Family caregiving and emotional strain: associations with quality of life in a large national sample of middle-aged and older adults
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This study examined the quality of life correlates of family caregiving and caregiving strain in a large national epidemiological sample.
Structured telephone interviews were conducted with 43,099 participants as part of the REasons for Geographic and Racial Differences in Stroke (REGARDS) study. Participants completed the 12-item short form health survey (SF-12) and brief measures of depressive symptoms, social contacts, and caregiving strain.
Family caregiving responsibilities were reported by 12% of participants. Caregivers reported more quality of life problems than noncaregivers, but these effects were largely dependent on the perceived level of caregiving strain. High strain caregivers reported more problems with emotional distress, worse physical functioning, and fewer social contacts than noncaregivers. Conversely, caregivers who reported no strain from caregiving reported better quality of life than noncaregivers. Caregiving strain effects were not due to demographic differences or to more objective indicators of caregiving demand.
Psychological and social indices of quality of life indicate prevalent problems among family caregivers who have experienced high strain from their caregiving responsibilities. Public health programs for disabled individuals should include assessments of strain on family caregivers and support services for those who report high levels of caregiving strain.
KeywordsCaregiving Caregiving strain Family caregivers Psychological health Depressive symptoms Health-related quality of life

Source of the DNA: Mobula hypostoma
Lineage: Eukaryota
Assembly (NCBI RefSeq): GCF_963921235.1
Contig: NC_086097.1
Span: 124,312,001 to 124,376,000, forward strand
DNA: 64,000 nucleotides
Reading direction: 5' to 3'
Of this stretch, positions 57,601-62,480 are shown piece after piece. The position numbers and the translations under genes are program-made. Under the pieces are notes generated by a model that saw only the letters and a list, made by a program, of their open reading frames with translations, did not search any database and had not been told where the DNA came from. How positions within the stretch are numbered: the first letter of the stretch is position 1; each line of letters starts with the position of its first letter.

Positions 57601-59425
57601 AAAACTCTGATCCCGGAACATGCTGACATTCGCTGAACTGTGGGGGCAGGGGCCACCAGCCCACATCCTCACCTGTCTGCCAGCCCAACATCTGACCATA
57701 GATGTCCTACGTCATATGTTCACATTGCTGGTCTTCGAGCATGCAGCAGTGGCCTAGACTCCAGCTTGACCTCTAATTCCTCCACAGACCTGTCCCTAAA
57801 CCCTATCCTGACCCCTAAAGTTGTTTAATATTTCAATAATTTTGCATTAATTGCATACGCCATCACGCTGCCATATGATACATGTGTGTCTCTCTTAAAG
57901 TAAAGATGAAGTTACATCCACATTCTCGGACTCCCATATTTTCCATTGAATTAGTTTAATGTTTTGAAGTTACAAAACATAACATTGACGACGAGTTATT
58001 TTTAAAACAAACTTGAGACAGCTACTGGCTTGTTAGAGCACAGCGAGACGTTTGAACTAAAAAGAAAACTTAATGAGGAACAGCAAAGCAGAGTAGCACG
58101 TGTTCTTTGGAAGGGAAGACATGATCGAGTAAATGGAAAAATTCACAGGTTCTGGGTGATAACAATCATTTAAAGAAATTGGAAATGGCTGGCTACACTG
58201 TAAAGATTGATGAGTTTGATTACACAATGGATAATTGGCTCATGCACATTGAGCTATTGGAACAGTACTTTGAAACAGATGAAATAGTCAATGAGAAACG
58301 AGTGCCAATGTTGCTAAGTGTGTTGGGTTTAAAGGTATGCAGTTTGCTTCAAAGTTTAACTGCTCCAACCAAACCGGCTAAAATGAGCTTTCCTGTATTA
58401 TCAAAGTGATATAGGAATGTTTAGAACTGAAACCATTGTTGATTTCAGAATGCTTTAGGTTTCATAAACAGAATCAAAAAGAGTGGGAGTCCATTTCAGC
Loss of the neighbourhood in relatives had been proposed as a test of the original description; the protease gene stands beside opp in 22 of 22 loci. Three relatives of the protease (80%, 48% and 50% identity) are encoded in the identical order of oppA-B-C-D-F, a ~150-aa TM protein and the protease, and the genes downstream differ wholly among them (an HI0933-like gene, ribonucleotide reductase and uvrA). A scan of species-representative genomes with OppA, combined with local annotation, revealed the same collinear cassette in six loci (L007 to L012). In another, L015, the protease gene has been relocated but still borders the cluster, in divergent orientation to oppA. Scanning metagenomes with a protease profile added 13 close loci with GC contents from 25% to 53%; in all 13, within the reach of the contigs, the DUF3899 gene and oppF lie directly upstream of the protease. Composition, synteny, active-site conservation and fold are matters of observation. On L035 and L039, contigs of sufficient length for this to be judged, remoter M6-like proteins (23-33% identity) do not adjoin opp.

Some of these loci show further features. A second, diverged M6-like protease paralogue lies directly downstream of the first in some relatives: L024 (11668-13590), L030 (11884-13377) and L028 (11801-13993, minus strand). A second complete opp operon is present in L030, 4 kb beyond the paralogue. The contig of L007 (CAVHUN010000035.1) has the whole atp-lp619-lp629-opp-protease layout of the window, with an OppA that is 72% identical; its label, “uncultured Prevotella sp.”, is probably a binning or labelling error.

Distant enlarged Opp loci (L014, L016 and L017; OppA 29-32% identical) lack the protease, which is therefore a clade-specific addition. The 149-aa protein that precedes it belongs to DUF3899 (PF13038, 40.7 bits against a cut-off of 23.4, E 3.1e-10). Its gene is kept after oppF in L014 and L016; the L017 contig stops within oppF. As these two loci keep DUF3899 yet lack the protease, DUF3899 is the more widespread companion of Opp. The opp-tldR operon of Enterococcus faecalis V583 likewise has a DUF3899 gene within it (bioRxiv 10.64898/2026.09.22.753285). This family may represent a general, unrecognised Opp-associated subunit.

This research project is supported by a cooperative agreement U01 NS041588 from the National Institute of Neurological Disorders and Stroke (NINDS), National Institutes of Health, Department of Health and Human Services. Additional funding was provided by an investigator-initiated grant R01 NS045789 from NINDS. The content is solely the responsibility of the authors and does not necessarily represent the official views of NINDS or the National Institutes of Health. Representatives of the funding agency have been involved in the review of the manuscript but not directly involved in the collection, management, analysis or interpretation of the data. The authors acknowledge the participating investigators and institutions of REGARDS for their valuable contributions: The University of Alabama at Birmingham, Birmingham, Alabama (Study PI, Statistical and Data Coordinating Center, Survey Research Unit): George Howard DrPH, Leslie McClure PhD, Virginia Howard PhD, Libby Wagner MA, Virginia Wadley PhD, Rodney Go PhD, Monika Safford MD, Ella Temple PhD, Margaret Stewart MSPH, J. David Rhodes BSN; University of Vermont (Central Laboratory): Mary Cushman MD; Wake Forest University (ECG Reading Center): Ron Prineas MD, PhD; Alabama Neurological Institute (Stroke Validation Center, Medical Monitoring): Camilo Gomez MD, Susana Bowling MD; University of Arkansas for Medical Sciences (Survey Methodology): LeaVonne Pulley PhD; University of Cincinnati (Clinical Neuroepidemiology): Brett Kissela MD, Dawn Kleindorfer MD; Examination Management Services, Incorporated (In-Person Visits): Andra Graham; Medical University of South Carolina (Migration Analysis Center): Daniel Lackland DrPH; Indiana University School of Medicine (Neuropsychology Center): Frederick Unverzagt PhD; National Institute of Neurological Disorders and Stroke, National Institutes of Health (funding agency): Claudia Moy PhD.
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